You may say that that is old news, but Trump could well take his stance on NATO to its logical conclusion by asking the Europeans whether they intend to keep NATO going. If they do, they are going to have to pay for it. At a time of lifeless budgets, that is not going to be so simple. But the Trump effect is going to have at least one benefit: It is going to force Europe to finally take its common security and defense seriously.
Europe is being forced to grow up.
A basic change is looming. The Trump presidency seems fated to mark the end of “Pax Americana” for good: to mark the end of the international order forged after World War II, which has managed to survive in ragged fashion since the fall of the Berlin Wall. For the first time, albeit extremely belatedly, Europe is being forced to grow up. If it fails, in a post-Brexit era and with Trump in the White House, it will never become an important player. It will disintegrate.
A different vision of Russia is part of Trump’s revolution. In the midst of what is almost a cold war climate, Trump believes that he can thrash out an accord with Vladimir Putin. The precedents are not encouraging: Both George W. Bush and Barack Obama attempted an initial “reset” with Moscow, only to fail dismally. Trump, however, could have an ideological advantage: He is devoid of the “Russia-phobia” typical of US diplomats and, like Putin, he believes in the rationale of agreements between strong men. The trouble is that the margin for compromise with Moscow is narrow, even for a US president prepared to sacrifice Crimea, to consider Ukraine’s fate of secondary importance, and to countenance Syria’s future carve-up.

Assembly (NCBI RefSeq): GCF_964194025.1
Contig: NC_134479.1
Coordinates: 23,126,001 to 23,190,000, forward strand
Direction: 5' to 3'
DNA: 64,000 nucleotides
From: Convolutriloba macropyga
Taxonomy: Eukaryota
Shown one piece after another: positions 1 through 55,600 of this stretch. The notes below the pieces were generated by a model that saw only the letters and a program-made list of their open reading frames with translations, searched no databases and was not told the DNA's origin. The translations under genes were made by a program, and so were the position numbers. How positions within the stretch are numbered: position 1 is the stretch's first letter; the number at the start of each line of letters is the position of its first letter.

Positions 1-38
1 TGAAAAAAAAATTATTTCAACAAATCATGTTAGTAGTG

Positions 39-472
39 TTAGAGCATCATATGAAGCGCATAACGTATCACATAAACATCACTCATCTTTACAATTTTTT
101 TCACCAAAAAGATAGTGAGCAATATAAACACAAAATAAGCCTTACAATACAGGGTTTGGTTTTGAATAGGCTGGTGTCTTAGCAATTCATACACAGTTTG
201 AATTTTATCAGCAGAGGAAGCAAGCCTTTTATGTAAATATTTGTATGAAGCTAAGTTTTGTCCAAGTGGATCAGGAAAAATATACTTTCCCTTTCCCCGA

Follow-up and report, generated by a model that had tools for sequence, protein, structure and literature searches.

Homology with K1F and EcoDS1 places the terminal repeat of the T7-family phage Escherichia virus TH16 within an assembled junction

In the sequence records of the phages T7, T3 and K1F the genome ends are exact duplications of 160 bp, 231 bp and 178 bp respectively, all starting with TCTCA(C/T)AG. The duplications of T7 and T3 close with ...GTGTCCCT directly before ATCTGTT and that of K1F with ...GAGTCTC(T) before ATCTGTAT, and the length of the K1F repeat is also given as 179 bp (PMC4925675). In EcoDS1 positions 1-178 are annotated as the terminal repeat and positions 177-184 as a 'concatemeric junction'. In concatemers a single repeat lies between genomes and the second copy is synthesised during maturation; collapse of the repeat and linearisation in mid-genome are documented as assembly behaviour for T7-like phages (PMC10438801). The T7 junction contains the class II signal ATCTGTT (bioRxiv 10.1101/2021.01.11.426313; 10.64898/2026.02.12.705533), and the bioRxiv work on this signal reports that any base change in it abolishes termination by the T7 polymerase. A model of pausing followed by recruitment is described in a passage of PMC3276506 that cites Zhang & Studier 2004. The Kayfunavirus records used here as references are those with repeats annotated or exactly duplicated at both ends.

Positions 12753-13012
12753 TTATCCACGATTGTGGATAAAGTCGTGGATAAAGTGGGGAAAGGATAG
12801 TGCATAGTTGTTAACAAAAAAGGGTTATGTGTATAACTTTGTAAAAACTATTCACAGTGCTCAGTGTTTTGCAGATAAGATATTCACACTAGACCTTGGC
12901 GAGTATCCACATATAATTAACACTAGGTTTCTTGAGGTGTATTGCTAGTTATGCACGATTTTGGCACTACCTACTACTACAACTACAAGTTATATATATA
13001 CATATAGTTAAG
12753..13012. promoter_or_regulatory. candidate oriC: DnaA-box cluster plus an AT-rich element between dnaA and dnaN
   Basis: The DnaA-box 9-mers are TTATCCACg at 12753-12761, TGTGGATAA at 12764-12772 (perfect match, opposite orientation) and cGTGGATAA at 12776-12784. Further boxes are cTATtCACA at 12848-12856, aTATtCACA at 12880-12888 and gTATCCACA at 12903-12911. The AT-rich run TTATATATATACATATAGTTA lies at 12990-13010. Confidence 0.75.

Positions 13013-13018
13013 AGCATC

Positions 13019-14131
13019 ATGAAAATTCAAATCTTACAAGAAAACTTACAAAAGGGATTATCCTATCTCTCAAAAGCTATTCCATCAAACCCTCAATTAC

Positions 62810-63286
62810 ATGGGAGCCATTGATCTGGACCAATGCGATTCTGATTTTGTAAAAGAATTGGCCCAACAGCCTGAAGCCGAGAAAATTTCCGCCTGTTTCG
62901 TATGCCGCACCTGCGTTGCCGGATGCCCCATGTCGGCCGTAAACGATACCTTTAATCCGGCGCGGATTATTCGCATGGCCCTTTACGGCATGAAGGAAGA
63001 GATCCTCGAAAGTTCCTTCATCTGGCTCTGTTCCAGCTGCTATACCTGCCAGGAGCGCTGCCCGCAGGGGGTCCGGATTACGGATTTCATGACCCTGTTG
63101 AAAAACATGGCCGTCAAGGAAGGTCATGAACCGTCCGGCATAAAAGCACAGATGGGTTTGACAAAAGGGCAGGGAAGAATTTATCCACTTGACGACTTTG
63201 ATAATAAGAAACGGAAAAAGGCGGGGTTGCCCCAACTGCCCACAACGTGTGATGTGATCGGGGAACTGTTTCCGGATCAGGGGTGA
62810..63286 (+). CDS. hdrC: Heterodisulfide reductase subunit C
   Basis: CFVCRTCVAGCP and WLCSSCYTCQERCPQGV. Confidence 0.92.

For certain European countries (with Italy and Germany heading the list) this entails economic benefits, while for others it entails security risks. But for all of them, the truth of the matter is that negotiations of that kind can take place literally over their heads. There continue to be considerable differences in EU countries’ interests where Russia is concerned, and Europe will never have a common foreign policy unless it attempts to settle those differences.
The future of Western democracies is in greater peril than it has ever been at any time in the past 100 years.
But while we Europeans are going to have to deal with “America first,” Trump is going to have to deal with a Europe caught up in a long election cycle and with handling Brexit. The new president’s inclination will be to keep London hooked up (his first phone call was to Theresa May) without letting go of Berlin. After beating a former First Lady in the election for the United States, he is going to be facing two European ladies.
Let us hope that common sense prevails. In an international system that we call multi-polar but that is in fact merely anarchistic, the future of Western democracy is in greater peril than it has ever been at any time in the past 100 years. Recognizing that fact is the crucial incentive for us to continue working together.
This piece originally appeared on Aspenia.
Marta Dassu is the senior director of European affairs at the Aspen Institute Italia and editor-in-chief of the Aspen Institute Italia’s journal, Aspenia. The opinions expressed in this piece are those of the author and cited sources, and don’t necessarily represent the views of the Aspen Institute.